Two heaping portions of hopeful Americana are coming to the Amelia Island Concours d’Elegance. Part of the Bortz Auto Collection, the 2001 Lincoln MK9 and 2003 Mercury Messenger concepts will appear at this year’s Amelia festivities in March 2016.
After the boom of the 1990s, Ford was down on its luck at the turn of the 21st century. Profits were down as high fuel prices, among other things, ate into sales. The success of the 1990s had also made Ford bigger and more unwieldy, with baggage like Jaguar, Land Rover, Aston Martin, Mazda, and Volvo on board in addition to Lincoln and Mercury.
But the early 2000s weren’t entirely without optimism, as Lincoln and Mercury each revealed major concepts in 2001 and 2003, respectively. Both penned by Gerry McGovern, who would go on to have wild success with Land Rover and designs like the Evoque SUV, the Lincoln MK9 and Mercury Messenger were enormous pieces of an offensive to rejuvenate the struggling luxury nameplates.
2001 Lincoln MK9
Heralded as the return of the personal luxury coupe at the 2001 New York auto show, the Lincoln MK9 was supposed to pick up where the Mark VIII left off in 1998. Three years of silence from Lincoln left people wondering where American luxury would go into the 21st century, and the MK9’s blend of stately exterior design and elegant, futuristic luxury cues was supposed to point the way forward.
The Italian composite body rode on a Lincoln chassis. While the proportions were somewhat similar to a Thunderbird, the MK9’s 121.9-inch wheelbase was almost a foot longer than the T-Bird’s, and it was just plain bigger in every dimension. Its low roof and flowing silhouette paired with chrome detailing, aluminum door hinges, and side air exhausts for a delicate yet confident attitude. The boattail trunk is a significant retro cue, while the angled rear calls out to the 1961-1967 four-door Continental models.
Lincoln made a much bigger statement, however, with the interior. Heavy accents of Dark Cherry Red and Marlboro Red leather, polished metal, and body-colored gloss seat shells flooded the cabin. Etched glass instruments were illuminated. The cantilevered seats, positioned to improve footroom, were designed after Eames Lounge chairs. And crucially, there was ample room in the back seat, addressing a major pitfall of the Mark VIII.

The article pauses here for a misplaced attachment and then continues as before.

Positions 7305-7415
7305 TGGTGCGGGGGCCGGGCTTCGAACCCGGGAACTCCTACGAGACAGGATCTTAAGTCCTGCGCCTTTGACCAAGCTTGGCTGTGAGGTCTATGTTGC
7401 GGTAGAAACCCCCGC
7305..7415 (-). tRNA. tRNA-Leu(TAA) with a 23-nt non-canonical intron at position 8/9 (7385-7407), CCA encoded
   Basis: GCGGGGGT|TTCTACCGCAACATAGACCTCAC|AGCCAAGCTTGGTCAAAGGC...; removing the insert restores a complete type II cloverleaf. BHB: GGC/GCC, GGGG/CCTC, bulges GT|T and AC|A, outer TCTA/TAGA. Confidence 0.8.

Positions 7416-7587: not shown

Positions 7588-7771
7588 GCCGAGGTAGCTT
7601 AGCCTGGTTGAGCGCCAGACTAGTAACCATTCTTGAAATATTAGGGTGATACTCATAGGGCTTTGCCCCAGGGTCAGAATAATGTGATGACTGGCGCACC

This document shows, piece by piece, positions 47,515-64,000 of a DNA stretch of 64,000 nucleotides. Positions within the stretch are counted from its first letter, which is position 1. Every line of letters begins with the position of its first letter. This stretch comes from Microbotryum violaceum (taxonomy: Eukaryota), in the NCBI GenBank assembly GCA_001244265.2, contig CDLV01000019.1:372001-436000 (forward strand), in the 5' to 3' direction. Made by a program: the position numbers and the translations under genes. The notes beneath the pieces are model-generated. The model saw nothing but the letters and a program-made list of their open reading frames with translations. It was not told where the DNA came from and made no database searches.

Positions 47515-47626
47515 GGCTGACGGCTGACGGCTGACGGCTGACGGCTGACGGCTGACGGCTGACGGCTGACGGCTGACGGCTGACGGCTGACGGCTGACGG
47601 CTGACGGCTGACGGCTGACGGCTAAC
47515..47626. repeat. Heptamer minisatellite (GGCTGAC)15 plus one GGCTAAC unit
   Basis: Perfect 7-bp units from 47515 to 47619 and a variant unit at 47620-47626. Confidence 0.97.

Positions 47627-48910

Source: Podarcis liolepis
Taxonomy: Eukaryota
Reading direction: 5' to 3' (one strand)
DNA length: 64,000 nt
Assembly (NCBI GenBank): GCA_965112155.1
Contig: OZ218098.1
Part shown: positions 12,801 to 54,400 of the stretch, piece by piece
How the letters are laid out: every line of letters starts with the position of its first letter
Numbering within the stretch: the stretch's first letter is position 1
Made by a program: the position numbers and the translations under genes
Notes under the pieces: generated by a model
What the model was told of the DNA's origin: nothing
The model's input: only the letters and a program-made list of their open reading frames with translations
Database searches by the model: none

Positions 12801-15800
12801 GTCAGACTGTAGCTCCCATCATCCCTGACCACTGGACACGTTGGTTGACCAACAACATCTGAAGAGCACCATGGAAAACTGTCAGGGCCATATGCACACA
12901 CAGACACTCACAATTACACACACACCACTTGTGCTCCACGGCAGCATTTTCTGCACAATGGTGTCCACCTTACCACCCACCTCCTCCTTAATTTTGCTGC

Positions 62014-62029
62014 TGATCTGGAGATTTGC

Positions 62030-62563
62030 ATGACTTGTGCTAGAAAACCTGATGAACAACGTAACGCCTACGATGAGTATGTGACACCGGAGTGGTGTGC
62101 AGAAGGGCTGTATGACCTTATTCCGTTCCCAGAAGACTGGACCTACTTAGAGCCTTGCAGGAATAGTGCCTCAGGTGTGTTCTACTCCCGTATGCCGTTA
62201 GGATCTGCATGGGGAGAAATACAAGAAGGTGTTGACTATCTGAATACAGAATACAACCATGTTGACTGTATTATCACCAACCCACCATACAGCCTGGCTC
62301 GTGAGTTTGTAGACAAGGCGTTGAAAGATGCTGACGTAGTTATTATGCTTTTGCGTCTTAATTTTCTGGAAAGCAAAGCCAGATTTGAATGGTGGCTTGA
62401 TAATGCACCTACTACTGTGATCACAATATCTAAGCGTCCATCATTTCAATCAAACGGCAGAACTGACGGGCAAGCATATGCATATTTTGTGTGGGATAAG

The rear-wheel-drive Lincoln MK9 concept was powered by a V-8 engine paired to an automatic gearbox, used four-wheel independent coil spring suspension, and anti-lock disc brakes.
While the new naming convention would appear on cars like the Lincoln MKS and the grille showed up on models such as the Aviator SUV and Lincoln Town Car, Ford and Lincoln never delivered on the prospect of a rear-wheel-drive coupe. The closest thing we’ll get to the return of the personal luxury car promises to be the upcoming Lincoln Continental which, to the displeasure of some, is rumored to based a new front-wheel-drive platform.
Bortz Auto Collection bought the 2001 Lincoln MK9 from Ford at auction for $101,750. Although it runs and drives, it’s not registered for street use.
It’s not an overestimation to say that the Messenger was the car that was supposed to save Mercury. Debuting at the Detroit auto show in 2003, it made a dramatic entrance by being suspended and dropped from the ceiling on a lowered platform. Obviously the two-seat sports coupe never materialized, and Ford decided to close up shop at Mercury entirely instead.
The hope was that the Mercury Messenger would spark some excitement back into the struggling nameplate, and the design complete with a ‘flying M’ logo, turbine wheels, ducts to cool the brakes, and big air scoops all over seemed the way to do it. If it ever were to reach production it probably would have needed to ride on some version of the Mustang platform.
The projected powertrain was a 4.6-liter V-8 and a six-speed automatic sequential transmission. However the physical concept itself, which was made in Italy, was packed with electric motors to drive it and power all of the equipment. It had a computer-operated active independent suspension on all four wheels. Bortz, since buying the car for $27,500 at auction in 2014, had the electric drivetrain “enhanced” to travel at highway speed.
About the collector
Joe Bortz, a biochemist who made his fortune with Chicago-area chain restaurants and nightclubs, has since the 1980s made a habit of collecting concept cars that would otherwise have been crushed. Many of the GM cars were once displayed at 1950s Motorama shows. He keeps them in an anonymous garage in the northern part of suburban Chicago, which hides treasures like the 1955 Chevrolet Biscayne, 1954 Pontiac Bonneville-Special, and the 1953 Buick Wildcat. Although concepts like these were never built to production-spec, they were real running cars that drove and turned. It helps for today’s collectors, of course, that fiberglass doesn’t rust.
Check out both the Lincoln MK9 and Mercury Messenger at the 2016 Amelia Island Concours d’Elegance beginning on March 11.